What are Florida Advance Directives?

February 29, 2012
By Patricia Davis on February 29, 2012 9:53 PM |

Advance directives.jpgYou asked and a Jacksonville Estate Planning Lawyer will advise you that according to Florida Law, an "Advance directive" means a witnessed written document or oral statement in which instructions are given by a principal or in which the principal's desires are expressed concerning any aspect of the principal's health care, and includes, but is not limited to, the designation of a health care surrogate, a living will, or an anatomical gift.

A Health Care Surrogate is chosen by the principal to act for the principal and to make all health care decisions for him or her during the principal's incapacity. The health care surrogate has the authority to consult with appropriate health care providers, to provide informed consent, to provide written consent, to be provided access to the appropriate medical records of the principal, and to apply for public benefits, such as Medicare and Medicaid on behalf of the principal.

The written designation of health care shall be signed by the principal in the presence of two adult witnesses. The person designated as surrogate shall not act as witness to the execution of the document designating the health care surrogate. At least one person who acts as a witness shall be neither the principal's spouse nor a blood relative. It is strongly suggested that the execution of the designation of health care surrogate be done in front of a notary.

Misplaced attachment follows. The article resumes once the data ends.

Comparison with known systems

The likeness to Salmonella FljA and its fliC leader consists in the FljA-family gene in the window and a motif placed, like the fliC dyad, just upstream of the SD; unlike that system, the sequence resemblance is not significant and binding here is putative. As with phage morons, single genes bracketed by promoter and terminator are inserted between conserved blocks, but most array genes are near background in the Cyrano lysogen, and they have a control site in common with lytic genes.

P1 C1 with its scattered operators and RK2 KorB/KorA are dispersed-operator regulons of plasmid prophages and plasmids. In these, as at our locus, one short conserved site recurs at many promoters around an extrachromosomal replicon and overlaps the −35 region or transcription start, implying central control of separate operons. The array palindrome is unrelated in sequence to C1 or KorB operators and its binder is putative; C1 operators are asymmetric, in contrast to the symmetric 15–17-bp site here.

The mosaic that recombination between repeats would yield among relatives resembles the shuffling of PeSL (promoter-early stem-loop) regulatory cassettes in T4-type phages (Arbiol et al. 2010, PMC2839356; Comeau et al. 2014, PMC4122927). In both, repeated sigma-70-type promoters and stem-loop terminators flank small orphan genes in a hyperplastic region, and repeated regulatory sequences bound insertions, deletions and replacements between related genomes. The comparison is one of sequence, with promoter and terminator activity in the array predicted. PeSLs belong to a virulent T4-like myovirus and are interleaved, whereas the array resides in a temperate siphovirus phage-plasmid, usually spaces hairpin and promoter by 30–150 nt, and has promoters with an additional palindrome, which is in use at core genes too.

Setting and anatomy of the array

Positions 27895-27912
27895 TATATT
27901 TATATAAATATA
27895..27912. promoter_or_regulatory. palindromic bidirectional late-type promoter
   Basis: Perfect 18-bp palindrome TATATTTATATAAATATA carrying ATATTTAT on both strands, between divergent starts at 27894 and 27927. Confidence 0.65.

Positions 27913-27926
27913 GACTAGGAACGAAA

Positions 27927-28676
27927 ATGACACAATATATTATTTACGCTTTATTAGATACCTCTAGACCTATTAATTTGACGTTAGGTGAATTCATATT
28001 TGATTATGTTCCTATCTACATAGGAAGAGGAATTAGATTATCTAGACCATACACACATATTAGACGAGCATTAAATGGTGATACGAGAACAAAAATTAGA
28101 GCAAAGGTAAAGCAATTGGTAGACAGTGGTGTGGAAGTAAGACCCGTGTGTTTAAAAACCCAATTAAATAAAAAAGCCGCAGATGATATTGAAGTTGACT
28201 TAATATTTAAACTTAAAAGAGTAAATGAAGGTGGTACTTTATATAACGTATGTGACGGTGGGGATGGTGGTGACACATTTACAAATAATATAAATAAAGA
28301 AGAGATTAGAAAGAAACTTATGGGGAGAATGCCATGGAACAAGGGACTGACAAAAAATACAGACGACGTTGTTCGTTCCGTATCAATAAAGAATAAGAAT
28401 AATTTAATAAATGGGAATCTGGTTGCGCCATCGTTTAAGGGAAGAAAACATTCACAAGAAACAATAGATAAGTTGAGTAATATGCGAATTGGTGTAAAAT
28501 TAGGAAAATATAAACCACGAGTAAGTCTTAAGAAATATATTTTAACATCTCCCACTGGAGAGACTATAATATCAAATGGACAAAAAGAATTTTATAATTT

A Living Will made be executed by any competent adult. It is a declaration concerning the providing, withholding, or withdrawal of life-prolonging procedures in the event that a person has a terminal condition, has an end-stage condition, or is in a persistent vegetative state. A living will must be signed by the principal in the presence of two witnesses, one of whom is neither a spouse nor a blood relative of the principal. It is strongly suggested that the execution of the living will be done in front of a notary.

In determining whether a patient has a terminal condition, an end-stage condition, or is in a persistent vegetative state, or may recover capacity, the patient's attending or treating physician and at least one other consulting physician must separately examine the patient. The findings of each such examination are then documented in the patient's medical record and signed by each examining physician before life-prolonging procedures may be withheld or withdrawn.

An "Anatomical gift" or "gift" means a donation of all or part of a human body, to take effect after the donor's death and to be used for transplantation, therapy, research, or education. Chapter 765 of the Florida Statutes has a comprehensive listing of provisions that detail everything one needs to consider when contemplating an anatomical gift.

Now that you know what "Advance Directives" are, contact a Jacksonville Estate Planning Lawyer to have your advance directives prepared today.